[5] James Murphy, Travels in Portugal […] in the Years 1789 and 1790 (London 1795). German translation: Reisen durch Portugal in den Jahren 1789 und 1790 (Halle 1796). French translation: Voyage en Portugal […] dans les années 1789 et 1790 (Paris 1797). Portuguese translation: Viagens em Portugal (Lisbon 1998).

[6] Robert Southey, Letters Written During a Short Residence in Spain and Portugal (Bristol 1797). Although a major figure on the literary scene of his day, and indeed the first English Lusophile, Southey’s travel account has not yet been translated into French, German or Portuguese.

[7] Joseph-Barthélemy-François Carrère, Voyage en Portugal, et Particulièrement à Lisbonne, ou Tableau Moral, Civil, Politique, Physique et Religieux de cette Capitale, etc. etc.; suivi de plusieurs Lettres sur l’état ancien et actuel de ce Royaume (Paris 1798). In 1797 or 1798 the Voyage du ci-devant Duc du Châtelet, en Portugal, où se trouvent des détails intéressans sur ses colonies, sur le tremblement de terre de Lisbonne, sur M. de Pombal et la cour; revu, corrigé sur le manuscrit, et augmenté de notes sur la situation actuelle de ce Royaume et de ses Colonies etc., intended as a complement to Carrère’s Tableau de Lisbonne, was published. The work is attributed to Pierre Dezoteux Cormatin (1753-1812).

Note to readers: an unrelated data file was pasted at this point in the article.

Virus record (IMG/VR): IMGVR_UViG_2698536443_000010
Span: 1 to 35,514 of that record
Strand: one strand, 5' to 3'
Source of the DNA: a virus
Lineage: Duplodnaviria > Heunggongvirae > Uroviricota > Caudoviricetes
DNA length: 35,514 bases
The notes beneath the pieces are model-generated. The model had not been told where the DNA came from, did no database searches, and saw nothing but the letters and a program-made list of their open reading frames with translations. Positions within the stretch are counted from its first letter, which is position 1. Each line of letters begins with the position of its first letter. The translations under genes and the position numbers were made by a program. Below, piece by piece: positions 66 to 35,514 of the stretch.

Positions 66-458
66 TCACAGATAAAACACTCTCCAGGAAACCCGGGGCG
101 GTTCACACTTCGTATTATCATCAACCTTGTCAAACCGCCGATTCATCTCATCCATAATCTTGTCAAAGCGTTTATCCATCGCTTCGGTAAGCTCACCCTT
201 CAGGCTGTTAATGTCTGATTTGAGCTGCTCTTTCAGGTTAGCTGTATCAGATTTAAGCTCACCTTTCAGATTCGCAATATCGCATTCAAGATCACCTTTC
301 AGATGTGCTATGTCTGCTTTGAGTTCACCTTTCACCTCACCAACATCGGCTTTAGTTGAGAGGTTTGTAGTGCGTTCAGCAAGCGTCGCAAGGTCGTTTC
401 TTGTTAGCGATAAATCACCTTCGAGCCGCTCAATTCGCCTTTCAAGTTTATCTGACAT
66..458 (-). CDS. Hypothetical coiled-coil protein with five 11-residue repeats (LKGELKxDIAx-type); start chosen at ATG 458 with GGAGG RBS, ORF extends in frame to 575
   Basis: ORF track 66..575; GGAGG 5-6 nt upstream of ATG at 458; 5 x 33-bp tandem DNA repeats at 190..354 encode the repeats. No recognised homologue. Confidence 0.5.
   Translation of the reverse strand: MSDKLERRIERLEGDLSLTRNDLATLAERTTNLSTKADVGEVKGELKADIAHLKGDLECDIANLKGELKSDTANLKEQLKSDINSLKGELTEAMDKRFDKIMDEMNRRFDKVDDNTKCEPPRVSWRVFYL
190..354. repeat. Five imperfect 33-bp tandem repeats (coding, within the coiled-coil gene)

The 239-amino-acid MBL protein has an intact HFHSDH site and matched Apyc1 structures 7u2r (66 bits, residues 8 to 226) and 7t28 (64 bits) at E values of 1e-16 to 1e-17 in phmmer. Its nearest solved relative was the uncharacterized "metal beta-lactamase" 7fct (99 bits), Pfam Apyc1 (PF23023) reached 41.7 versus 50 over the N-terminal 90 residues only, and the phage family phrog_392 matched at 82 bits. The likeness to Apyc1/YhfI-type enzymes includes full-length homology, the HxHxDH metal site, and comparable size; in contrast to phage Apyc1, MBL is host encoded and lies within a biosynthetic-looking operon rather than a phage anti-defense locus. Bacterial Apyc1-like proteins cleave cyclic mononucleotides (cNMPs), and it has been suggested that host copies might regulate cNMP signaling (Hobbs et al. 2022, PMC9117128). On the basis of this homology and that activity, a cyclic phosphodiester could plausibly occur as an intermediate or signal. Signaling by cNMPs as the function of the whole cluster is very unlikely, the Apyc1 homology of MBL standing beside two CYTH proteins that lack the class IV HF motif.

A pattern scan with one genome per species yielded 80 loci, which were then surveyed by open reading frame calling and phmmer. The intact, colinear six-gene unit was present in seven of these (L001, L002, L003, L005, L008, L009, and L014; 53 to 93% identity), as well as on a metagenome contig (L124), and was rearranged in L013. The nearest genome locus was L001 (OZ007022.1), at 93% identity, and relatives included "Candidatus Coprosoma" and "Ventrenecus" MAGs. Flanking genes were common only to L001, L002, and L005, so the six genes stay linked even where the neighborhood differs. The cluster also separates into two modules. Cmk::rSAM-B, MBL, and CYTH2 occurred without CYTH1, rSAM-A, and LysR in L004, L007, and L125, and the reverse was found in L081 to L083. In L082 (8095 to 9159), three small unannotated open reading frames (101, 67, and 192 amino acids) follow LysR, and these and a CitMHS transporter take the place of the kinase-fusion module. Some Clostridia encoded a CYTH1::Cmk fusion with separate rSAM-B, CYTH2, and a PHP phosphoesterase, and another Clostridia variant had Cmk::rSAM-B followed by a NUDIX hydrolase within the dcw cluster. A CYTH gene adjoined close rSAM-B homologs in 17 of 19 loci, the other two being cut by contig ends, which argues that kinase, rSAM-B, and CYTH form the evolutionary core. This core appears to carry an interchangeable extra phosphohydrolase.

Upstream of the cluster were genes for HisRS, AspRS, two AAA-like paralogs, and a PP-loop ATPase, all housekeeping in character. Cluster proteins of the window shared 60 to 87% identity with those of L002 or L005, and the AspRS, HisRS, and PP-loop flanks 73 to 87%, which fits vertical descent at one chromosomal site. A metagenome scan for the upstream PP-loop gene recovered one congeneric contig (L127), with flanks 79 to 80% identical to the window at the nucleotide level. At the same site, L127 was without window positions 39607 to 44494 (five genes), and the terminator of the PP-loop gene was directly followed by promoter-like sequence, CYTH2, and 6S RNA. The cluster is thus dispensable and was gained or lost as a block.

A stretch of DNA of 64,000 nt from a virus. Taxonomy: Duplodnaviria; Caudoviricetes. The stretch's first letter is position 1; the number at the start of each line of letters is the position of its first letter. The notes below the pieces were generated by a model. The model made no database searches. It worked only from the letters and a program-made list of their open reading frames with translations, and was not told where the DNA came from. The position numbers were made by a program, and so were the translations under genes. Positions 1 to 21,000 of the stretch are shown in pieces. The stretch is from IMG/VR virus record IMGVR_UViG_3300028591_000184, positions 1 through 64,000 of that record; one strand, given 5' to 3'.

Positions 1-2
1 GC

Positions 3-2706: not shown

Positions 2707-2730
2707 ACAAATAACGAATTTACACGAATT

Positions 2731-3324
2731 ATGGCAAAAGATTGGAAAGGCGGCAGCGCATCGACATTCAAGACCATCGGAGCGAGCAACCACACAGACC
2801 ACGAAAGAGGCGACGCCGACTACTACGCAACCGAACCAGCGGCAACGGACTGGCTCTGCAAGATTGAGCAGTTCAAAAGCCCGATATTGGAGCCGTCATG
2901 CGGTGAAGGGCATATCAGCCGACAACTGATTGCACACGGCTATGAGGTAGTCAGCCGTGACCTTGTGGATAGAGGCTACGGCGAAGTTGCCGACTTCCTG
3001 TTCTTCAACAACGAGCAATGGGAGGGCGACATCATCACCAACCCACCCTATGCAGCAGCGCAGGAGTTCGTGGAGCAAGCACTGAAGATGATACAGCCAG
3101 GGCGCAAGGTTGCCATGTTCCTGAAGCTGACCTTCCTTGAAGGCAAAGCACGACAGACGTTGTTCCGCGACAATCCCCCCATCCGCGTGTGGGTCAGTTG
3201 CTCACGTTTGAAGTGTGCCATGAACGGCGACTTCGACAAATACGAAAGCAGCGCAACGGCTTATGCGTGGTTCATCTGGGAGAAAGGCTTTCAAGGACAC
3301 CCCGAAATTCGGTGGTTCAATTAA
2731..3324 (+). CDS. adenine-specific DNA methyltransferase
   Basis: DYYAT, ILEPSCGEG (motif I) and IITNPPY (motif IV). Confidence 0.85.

[8] This is not strictly true, for, prior to publication of the book by Dumouriez and the French translation of Murphy’s account, at least two travel narratives about Portugal had appeared in French,: an anonymous Description de la Ville de Lisbonne où l’on traite de la Cour de Portugal, de la Langue Portugaise, & des Moeurs des Habitants; du Gouvernement, des Revenues du Roi, & de ses Forces, par Mer & par Terre; des Colonies Portugaises, & du Commerce de cette Capitale (1730) and Mémoires Instructifs pour un voyageur dans les divers États de l’Europe: Contenant des Anecdotes curieuses très propres à éclaircir l’Histoire du Temps¸ avec des Remarques sur le Commerce et l’Histoire Naturelle (1738) by the naturalist and doctor Charles Frédéric de Merveilleux (1686-1749). These two accounts were translated into Portuguese in the twentieth century by Castelo Branco Chaves (1900-1992) and published as O Portugal de D. João V visto por três forasteiros (Lisbon 1983).

[9] All references are mine unless otherwise stated.